Loan Type |
Simple Interest |
Amortizing Interest |
Personal Loans |
✅ |
✅ |
Auto Loans |
🚫 |
✅ |
Mortgage Loans |
🚫 |
✅ |
Home Equity Loans |
🚫 |
✅ |
Student Loans |
✅ |
✅ |
All federal student loans use simple interest, but that’s not always the case with private student loans. Mortgages almost always use amortizing interest, but simple-interest mortgages do exist.
Although most lenders use amortizing interest, you should never just assume this to be so in your situation. Instead, check with your lender to verify which type of interest they use. Rocket Loans uses amortizing interest.
Personal Loans Any Time, Any Place.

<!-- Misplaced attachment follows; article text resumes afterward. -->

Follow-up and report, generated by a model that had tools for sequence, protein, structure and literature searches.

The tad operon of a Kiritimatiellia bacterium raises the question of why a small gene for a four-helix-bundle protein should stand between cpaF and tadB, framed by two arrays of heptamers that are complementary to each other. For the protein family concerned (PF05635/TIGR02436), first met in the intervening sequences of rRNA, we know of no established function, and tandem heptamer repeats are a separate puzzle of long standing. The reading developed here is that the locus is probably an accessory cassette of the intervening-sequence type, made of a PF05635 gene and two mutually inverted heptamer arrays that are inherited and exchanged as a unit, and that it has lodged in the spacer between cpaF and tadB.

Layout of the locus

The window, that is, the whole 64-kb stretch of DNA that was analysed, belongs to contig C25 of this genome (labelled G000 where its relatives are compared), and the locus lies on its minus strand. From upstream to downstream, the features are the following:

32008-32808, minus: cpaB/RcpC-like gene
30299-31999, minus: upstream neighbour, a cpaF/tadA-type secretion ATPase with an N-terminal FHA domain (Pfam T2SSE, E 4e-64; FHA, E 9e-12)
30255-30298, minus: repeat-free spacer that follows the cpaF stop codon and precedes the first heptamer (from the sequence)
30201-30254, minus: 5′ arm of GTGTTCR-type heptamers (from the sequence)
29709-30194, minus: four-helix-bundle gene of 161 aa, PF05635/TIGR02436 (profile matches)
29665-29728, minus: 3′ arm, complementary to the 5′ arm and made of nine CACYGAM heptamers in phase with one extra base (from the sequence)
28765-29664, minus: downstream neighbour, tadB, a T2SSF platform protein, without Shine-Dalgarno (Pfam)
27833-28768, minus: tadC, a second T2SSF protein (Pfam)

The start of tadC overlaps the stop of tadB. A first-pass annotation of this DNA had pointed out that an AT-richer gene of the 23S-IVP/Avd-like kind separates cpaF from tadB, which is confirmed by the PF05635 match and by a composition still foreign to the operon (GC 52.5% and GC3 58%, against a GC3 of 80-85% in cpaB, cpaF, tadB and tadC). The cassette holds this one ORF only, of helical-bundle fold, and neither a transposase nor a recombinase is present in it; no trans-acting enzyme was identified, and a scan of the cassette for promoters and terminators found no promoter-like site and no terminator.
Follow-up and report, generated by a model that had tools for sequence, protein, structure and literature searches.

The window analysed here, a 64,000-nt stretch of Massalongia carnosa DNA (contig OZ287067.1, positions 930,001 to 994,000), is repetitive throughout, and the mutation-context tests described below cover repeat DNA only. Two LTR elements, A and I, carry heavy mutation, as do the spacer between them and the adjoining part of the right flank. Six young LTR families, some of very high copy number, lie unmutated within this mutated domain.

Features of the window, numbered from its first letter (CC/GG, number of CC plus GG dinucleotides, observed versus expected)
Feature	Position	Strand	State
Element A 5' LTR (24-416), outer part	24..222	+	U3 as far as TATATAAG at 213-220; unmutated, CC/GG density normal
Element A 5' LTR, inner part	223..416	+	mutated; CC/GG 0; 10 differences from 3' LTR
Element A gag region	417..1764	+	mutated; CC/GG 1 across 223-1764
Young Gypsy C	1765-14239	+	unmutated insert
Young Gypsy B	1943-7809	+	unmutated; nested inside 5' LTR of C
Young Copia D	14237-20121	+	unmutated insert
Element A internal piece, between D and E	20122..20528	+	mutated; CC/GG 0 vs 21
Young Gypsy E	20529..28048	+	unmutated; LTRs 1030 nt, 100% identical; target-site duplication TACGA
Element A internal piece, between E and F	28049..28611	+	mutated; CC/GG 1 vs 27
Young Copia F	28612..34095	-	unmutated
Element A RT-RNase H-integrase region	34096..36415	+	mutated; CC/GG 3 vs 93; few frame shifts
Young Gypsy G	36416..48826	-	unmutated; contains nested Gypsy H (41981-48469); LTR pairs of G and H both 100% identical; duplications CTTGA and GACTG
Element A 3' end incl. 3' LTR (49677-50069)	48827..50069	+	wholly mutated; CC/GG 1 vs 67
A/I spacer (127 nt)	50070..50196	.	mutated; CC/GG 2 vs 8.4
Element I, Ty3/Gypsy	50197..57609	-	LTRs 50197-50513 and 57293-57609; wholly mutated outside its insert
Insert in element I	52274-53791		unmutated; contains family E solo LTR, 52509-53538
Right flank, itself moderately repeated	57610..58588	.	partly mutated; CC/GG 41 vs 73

How To Calculate Simple Interest On A Loan
Loan amount multiplied by interest rate multiplied by years in loan term equals total interest. (Since the interest rate is a percentage, that variable will be a decimal.)
Suppose you want to take out a $10,000 personal loan at a 15% interest rate with a 2-year repayment term.
Your calculation would look like this: $10,000 x 0.15 x 2 = $3,000.
To see your monthly simple interest payment, just divide your total interest by the months in the repayment term.
In this example, that would be $3,000 / 24 = $125.
You would pay $125 in interest on your first and your last payment.
How To Calculate Amortizing Interest On A Loan
Due to your fixed payment being allocated differently over time, calculating amortizing interest is more complicated than calculating simple interest. The easiest way to calculate is to use our loan calculator, which will show the complete amortization schedule.
If you prefer to do it yourself, here are the steps: